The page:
So when I was in college, I was exported to a company, just as an intern in Baltimore to do over summer, just a PV design. I mean, I just went to intern, and there's a very small company, I got through a friend, and I just wanted to do something over the summer I, you know, I wanted for because I need to get a job after I graduate, I need to have at least internship. So when I went there, they do. They wanted me to do PV design, they have a team. And just in about I because I wanted to go renewable energy too. So I was already interested in that. When I go and you know, they do this PV design projects, I started designing PV designs. So after two weeks, I was designing everything by myself, there's a team. And then by the time I go back, and they wanted to keep me and I said I have to go back. I still have one more, one more year to go. And then they're like, Okay, we have a, you know, one guy quitted there are 22 people that are designing, and they're like, Could you do part time, I was like, it's gonna be very difficult for me, because I've done other things. But if you guys let me do from home, I don't have I don't ever have to come to the office, I can just do it from my part time. And you know, and they said, like, Yeah, sure. And then they gave me the, you know, I do the PV design at home after school, you know, all that kind of stuff on the weekends. So literally, the other guy quit. By myself, I was handling, like at least two projects a day, you know, go into full time school and all that stuff. So they didn't want to go to the person, they just, you know, I already knew how to do it. So the whole year, I did that. But by the time I graduate, I do want to go there because you know, the pay is not that I could get more money and maybe even double than what they were paying me but they were very interested in me to join their team. So I already developed like a year or some change of this PV design, and I know how it works. And I know all the regulations and all this stuff. And I said, Well, in order to start a renewable energy company, it might require me to really have a capital. But if I start with my knowledge and providing the service and put out a team to Whether, and I can provide that and I think I can do something and I can capitalise on that and just go to other aspects of renewable energy. And I, you know, I kind of came was my friend, who was also an engineer. So we put this together, and we kind of start pitching I, the thing is, when I came to this company, I never knew anybody, rather than the other company that was working with renewable energy. So that was a difficult part. And just, you know, how do I get this project? I know how to do it, I know how all the CRM or the system is there. But people don't know me, and I don't know people. And that was the hardest thing. But I think slowly we we kick that through. And that's how we'll get into the PV design service overall,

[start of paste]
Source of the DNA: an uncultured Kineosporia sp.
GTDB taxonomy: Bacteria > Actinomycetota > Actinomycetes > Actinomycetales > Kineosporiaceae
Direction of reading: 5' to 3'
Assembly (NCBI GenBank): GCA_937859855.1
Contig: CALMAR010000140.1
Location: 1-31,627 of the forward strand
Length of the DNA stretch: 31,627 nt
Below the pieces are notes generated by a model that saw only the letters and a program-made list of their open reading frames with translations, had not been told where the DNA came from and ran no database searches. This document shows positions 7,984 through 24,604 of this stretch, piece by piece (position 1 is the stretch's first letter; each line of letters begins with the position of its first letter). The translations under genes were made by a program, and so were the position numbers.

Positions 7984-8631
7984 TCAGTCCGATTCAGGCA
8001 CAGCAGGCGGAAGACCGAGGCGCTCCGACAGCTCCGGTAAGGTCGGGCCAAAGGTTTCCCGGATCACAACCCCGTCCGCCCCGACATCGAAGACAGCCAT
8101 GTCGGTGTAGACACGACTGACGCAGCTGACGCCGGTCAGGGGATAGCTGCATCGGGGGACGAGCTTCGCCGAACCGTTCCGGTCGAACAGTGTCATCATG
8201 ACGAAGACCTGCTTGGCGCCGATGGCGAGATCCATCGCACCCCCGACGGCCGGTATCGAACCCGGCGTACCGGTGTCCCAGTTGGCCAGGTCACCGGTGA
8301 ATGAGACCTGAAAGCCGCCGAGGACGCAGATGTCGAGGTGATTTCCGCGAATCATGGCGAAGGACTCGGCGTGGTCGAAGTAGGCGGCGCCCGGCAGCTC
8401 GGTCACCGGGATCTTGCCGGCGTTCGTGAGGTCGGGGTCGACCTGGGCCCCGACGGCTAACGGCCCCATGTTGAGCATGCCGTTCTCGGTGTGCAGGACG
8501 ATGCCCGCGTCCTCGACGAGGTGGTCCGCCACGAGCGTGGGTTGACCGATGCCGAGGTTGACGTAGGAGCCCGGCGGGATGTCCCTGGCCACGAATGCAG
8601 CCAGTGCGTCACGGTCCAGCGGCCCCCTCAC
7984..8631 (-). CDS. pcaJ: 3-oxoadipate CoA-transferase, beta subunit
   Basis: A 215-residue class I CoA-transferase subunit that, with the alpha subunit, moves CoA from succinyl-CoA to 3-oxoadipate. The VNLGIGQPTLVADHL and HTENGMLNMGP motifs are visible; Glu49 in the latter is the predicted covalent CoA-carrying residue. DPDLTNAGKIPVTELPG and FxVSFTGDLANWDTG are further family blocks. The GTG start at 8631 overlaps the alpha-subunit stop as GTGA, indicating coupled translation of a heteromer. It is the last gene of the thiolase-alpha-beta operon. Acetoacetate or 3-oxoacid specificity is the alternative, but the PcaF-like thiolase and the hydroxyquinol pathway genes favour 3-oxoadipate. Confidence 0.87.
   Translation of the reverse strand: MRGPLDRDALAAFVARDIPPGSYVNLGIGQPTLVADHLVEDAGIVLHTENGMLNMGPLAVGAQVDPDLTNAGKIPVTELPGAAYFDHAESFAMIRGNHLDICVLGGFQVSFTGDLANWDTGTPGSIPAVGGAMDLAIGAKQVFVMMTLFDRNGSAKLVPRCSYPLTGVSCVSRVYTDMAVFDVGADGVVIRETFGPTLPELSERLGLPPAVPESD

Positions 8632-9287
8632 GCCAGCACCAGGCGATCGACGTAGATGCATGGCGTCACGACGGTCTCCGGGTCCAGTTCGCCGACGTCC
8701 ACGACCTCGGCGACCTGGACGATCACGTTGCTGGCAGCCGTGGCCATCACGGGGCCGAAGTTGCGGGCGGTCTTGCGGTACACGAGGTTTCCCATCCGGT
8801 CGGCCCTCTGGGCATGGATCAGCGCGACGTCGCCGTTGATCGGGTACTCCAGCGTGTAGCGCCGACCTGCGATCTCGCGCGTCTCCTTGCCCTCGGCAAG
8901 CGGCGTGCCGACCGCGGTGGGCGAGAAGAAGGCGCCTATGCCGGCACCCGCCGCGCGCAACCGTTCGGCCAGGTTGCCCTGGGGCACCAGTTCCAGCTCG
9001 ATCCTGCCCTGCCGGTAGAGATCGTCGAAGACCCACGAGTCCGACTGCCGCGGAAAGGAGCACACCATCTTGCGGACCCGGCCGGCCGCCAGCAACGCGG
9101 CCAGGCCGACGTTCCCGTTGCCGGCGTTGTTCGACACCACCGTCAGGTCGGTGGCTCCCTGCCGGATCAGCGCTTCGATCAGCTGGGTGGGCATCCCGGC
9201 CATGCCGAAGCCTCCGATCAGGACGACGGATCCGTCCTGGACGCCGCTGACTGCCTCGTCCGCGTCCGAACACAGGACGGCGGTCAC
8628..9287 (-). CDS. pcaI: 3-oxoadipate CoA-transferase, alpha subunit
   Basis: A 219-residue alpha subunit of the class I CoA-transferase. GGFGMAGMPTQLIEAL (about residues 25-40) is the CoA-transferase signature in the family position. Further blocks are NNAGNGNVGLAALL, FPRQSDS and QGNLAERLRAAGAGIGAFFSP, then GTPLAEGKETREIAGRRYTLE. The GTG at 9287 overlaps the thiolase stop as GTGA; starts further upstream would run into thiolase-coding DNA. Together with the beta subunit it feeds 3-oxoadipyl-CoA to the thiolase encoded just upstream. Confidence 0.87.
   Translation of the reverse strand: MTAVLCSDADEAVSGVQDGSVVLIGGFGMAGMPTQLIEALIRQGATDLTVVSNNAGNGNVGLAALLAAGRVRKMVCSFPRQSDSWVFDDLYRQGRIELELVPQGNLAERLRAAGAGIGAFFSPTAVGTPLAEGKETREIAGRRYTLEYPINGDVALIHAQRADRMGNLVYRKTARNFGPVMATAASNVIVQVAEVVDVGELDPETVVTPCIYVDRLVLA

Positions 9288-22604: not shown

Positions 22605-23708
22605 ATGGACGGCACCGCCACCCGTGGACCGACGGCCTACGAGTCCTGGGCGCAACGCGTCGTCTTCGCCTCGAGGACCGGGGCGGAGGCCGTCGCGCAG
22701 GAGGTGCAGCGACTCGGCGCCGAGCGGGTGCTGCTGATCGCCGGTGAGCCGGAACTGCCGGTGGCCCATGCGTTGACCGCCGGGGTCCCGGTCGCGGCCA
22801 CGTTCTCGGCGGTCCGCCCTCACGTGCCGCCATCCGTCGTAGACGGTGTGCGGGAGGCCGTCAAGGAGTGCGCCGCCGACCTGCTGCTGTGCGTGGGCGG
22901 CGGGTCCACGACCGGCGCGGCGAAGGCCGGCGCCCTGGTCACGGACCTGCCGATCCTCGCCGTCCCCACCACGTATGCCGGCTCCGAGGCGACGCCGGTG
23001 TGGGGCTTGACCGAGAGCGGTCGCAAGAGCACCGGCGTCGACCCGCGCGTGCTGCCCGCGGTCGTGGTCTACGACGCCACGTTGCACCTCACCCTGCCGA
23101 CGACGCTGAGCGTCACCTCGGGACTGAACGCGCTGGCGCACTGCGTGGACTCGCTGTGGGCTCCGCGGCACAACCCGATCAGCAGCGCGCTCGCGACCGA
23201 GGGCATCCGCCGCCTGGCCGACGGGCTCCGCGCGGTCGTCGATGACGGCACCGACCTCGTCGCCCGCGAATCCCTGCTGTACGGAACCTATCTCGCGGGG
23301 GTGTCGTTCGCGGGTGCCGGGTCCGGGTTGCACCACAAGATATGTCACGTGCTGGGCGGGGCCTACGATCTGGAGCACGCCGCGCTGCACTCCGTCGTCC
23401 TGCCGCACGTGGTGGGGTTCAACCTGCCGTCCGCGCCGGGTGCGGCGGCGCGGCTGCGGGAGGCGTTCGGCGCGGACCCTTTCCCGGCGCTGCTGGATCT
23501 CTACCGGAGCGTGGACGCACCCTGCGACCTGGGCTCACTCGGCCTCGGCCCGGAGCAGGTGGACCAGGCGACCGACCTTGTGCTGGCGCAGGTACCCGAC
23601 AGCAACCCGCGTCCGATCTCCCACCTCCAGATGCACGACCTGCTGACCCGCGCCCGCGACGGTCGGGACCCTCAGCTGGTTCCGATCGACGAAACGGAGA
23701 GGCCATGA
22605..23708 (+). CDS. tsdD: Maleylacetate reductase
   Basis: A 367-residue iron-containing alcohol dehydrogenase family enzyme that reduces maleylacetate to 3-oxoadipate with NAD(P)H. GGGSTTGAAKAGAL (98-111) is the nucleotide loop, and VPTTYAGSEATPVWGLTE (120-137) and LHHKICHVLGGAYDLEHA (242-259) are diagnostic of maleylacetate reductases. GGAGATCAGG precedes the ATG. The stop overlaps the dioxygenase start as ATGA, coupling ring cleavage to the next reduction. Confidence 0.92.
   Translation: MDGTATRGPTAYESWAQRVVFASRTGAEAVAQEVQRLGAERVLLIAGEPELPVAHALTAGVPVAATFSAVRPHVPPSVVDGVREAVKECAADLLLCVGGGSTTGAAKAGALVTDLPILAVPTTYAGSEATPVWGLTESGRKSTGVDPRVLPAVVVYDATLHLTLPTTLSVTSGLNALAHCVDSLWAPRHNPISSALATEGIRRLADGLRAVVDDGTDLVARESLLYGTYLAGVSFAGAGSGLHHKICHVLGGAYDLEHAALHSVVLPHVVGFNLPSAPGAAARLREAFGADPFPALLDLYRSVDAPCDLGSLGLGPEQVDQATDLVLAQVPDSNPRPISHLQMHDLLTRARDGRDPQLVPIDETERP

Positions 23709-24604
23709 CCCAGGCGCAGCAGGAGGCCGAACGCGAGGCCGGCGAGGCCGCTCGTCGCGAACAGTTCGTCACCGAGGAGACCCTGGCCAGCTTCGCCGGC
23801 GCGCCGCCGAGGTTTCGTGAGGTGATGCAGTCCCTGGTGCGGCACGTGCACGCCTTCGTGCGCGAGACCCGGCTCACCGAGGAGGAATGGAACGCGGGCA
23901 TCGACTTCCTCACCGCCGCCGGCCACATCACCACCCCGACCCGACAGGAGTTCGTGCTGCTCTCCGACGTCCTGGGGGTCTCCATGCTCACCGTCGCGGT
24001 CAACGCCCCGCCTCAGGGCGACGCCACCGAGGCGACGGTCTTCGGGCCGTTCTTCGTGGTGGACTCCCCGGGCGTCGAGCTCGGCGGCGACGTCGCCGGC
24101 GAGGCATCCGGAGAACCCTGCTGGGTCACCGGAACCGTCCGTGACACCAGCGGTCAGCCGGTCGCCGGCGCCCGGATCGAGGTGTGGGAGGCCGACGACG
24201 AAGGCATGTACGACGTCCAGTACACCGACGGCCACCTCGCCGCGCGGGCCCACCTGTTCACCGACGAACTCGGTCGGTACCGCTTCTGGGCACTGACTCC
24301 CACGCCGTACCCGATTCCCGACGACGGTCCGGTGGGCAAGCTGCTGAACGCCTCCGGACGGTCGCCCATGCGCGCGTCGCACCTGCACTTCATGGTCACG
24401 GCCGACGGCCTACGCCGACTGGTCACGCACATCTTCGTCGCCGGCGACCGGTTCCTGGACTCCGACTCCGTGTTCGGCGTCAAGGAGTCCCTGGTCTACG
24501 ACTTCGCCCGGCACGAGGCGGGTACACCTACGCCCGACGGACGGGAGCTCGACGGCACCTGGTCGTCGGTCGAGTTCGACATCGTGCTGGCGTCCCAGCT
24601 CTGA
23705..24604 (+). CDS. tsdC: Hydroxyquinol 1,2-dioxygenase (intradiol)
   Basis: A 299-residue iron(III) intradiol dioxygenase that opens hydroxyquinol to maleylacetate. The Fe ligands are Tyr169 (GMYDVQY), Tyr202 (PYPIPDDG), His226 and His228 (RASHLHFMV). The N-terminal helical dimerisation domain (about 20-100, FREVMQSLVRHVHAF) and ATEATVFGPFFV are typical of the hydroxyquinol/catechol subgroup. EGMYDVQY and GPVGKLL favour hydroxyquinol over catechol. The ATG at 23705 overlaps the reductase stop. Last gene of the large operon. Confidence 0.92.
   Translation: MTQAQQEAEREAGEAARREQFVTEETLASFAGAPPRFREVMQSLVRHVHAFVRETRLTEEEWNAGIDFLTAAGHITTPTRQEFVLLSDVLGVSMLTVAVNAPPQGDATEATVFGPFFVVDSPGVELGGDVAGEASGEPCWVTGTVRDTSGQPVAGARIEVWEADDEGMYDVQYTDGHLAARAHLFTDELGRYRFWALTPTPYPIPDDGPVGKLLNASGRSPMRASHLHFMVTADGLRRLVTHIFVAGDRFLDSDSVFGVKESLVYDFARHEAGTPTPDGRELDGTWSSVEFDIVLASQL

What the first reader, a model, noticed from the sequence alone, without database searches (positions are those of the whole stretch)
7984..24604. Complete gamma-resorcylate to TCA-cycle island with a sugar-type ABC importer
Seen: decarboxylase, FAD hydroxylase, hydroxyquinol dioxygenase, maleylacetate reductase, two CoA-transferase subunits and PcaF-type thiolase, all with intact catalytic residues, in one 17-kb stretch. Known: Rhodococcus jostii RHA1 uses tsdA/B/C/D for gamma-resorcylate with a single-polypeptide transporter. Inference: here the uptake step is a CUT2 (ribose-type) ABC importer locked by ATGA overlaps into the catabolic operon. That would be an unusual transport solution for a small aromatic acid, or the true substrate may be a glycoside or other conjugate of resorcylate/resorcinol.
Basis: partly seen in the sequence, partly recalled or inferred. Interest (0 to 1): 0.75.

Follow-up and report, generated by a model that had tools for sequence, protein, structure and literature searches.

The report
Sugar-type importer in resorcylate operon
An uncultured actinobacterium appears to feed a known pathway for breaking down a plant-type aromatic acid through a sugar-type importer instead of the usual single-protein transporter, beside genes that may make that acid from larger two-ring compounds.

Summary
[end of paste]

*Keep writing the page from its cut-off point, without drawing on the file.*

Tim Montague:

A nd how did you and Waggari meet?

Kiya Segni:

Me and Waggari, are... First our parents are from the same area, we kind of grew up together, I can say, and he travelled a lot in the world, because of his parents worked overseas, a lot of places in other countries, you know, I see him as a younger younger brother, we have done a lot of things before we have established different companies in you know, other things were very became successful. There was not a business company, but a nonprofit organisation. So we've been working together for a while we've been best friends, and all that kind of stuff. So it's easy to kind of have that kind of environment where you can read one another and kind of, you know, effectively do work. So that's why I brought him to the, to the team, and then extensive trainings and all that stuff. And we kind of got everything together and we build the team from there on,

Tim Montague:

Tell us when exactly did Aduu start, and what is the status of the company?

Kiya Segni:

We started in May of 2022. And when we started, we just put out, you know, we prepared our you know, CRMs, and websites and registrations and all that kind of stuff, and put out a team together a team who has experience because we do want to bring in train people and you know, because when you're a new company, you have to provide a very good service, other because you cannot have the space for mistakes and all that kind of stuff. So we make sure that we put a very competitive team that knows what they do. And we want it to be the best at what we provide. And we put out a team together, very strong team. And after we put the team together, we kind of start pitching to companies to kind of come under our belt so that we can provide our service. So like I said, nobody really knows who we are. And that was a big challenge. So then, but luckily, we landed on few companies that really kind of wanted to test us when they come they were very interested in impressed, I guess. So they you know, they stayed with us. So yeah, that's how we get started. And it's it's going well, it's going well with all these challenges. And we enjoy the journey, because that's what makes it so interesting is that the ups and downs is what what really makes it interesting for us all,

Tim Montague:

And tell me what, what was it like getting your first customer?

Kiya Segni: